The information provided by an AI model aids astronomers in proposing a novel hypothesis for monitoring far-off planets.

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The Sun peeks above Earth’s horizon as the International Space Station (@ISS) orbits above east China in this image captured by a crew member. Source: NASA

Machine learning models are increasingly being used to supplement human processes, either by executing repetitive tasks more quickly or by offering systematic insight that helps put human knowledge into context. After simulating gravitational microlensing occurrences, astronomers at UC Berkeley were shocked to discover that both occur, leading to the development of a new unified explanation for the phenomena.

When light from far-off stars and other celestial objects bends around a closer one directly between it and the viewer, it gives a brighter — but distorted — image of the distant one for a brief period of time. We can learn a lot about the star, planet, or system that the light is bending around based on how the light bends (and what we know about the distant object).

A brief increase in brightness, for example, indicates a planetary body transiting the line of sight, and this sort of reading anomaly dubbed a "degeneracy" for some reason, has been used to discover hundreds of exoplanets.

It's impossible to quantify these occurrences and objects beyond a few fundamental conceptions like their mass due to the constraints of observation. And degeneracies are commonly seen to fall into one of two categories: the distant light passing closer to either the star or the planet in a particular system, or the distant light passing closer to both. Ambiguities are frequently reconciled with other known facts, such as the fact that the planet is too tiny to generate the scale of distortion witnessed, as we know from other sources.

Keming Zhang, a doctorate student at UC Berkeley, was researching a mechanism to swiftly assess and categorize such lensing phenomena, which are becoming more common as we survey the sky more frequently and in better detail. He and his colleagues built a machine learning model using data from known gravity microlensing events with known causes and configurations before releasing it on a slew of less well-quantified occurrences.

The results were unexpected: in addition to neatly estimating whether an observed event fell into one of the two basic degeneracy classes, it discovered a surprising number of events that did not.

"The two preceding degeneracy hypotheses deal with situations in which the background star seems to pass near to the foreground star or planet. In a Berkeley news release, Zhang noted, "The AI algorithm gave us hundreds of examples from not only these two circumstances but also situations when the star doesn't come close to either the star or the planet and cannot be described by either prior theory."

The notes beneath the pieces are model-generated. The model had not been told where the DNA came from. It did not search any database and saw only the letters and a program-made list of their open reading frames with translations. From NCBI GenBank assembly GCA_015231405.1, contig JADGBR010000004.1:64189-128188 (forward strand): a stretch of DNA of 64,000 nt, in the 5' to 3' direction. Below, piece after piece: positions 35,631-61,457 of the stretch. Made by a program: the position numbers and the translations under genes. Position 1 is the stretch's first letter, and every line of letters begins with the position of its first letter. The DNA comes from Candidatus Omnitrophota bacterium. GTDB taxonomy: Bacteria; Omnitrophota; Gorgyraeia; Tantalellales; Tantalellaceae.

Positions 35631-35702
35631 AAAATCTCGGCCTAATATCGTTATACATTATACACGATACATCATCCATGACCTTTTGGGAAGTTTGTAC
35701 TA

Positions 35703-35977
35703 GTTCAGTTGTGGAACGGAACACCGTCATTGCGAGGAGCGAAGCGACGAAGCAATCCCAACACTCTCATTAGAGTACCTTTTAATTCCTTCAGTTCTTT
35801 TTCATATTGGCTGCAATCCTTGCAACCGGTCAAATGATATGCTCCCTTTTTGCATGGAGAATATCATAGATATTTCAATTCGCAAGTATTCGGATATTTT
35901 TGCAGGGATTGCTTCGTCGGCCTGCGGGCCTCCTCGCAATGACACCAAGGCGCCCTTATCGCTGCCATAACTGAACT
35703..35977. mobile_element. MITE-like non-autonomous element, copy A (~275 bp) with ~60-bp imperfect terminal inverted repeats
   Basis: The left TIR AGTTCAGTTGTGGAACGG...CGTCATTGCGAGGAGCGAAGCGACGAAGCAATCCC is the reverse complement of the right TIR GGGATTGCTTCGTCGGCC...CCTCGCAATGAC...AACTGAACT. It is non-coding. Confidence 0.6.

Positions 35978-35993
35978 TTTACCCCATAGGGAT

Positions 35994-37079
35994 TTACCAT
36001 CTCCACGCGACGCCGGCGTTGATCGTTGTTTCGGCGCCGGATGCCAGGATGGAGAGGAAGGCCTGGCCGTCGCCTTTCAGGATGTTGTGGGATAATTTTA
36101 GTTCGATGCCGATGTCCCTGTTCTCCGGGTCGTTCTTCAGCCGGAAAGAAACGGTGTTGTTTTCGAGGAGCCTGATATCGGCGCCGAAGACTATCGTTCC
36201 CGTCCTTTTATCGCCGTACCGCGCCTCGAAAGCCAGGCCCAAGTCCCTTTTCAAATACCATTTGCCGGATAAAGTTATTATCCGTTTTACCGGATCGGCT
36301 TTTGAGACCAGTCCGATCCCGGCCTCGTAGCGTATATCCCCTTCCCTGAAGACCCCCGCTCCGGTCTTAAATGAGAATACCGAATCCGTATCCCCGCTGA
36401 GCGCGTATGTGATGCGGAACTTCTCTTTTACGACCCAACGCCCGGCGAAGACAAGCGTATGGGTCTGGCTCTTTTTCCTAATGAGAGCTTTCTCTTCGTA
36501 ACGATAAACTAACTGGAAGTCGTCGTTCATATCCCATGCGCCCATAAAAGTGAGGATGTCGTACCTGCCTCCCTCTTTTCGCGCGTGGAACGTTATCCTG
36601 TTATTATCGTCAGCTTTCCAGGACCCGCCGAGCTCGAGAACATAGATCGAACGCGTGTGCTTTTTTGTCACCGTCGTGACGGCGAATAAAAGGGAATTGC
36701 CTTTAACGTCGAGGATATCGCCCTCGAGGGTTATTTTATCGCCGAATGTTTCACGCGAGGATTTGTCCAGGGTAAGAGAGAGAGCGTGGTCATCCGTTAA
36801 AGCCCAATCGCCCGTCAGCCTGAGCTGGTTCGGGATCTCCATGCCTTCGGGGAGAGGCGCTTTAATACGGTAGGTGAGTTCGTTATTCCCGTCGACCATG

This might have been caused by a poorly tuned model or a model that wasn't confident enough in its own computations. Zhang, on the other hand, felt sure that the AI had spotted something that human observers had consistently missed.

They ended up presenting a new, "unified" explanation of how degeneracy in these facts may be explained, of which the two existing theories were just the most prevalent examples, after some convincing, as a grad student challenging established orthodoxy is permitted but possibly not encouraged.

Diagram showing a simulation of a 3-lens degeneracy solution. Source: Zhang et al

They examined two dozen recent studies on microlensing events and discovered that astronomers had incorrectly classified what they observed as one of two types, whereas the new explanation suited the data better than both.

"People were witnessing these microlensing events that were actually demonstrating this new degeneracy but didn't know it," says the author. "It was essentially simply machine learning looking at thousands of occurrences where it became hard to miss," said co-author and astronomy professor Scott Gaudi of Ohio State University.

To be clear, the AI did not come up with or suggest the new hypothesis; it was totally up to human brainpower. However, without the AI's meticulous and confident computations, the simpler, less accurate hypothesis would have likely lasted for many more years. We are learning to trust some AI models to generate an intriguing reality free of preconceptions and assumptions, just as humans learnt to trust calculators and later computers – that is, assuming we haven't already written our own preconceptions and assumptions into them.

In a publication published in the journal Nature Astronomy, the new hypothesis and the procedure leading up to it are outlined. It's unlikely that astronomers among our readers are aware of this breakthrough (it was a pre-print last year), but machine learning and general science experts may find it fascinating.

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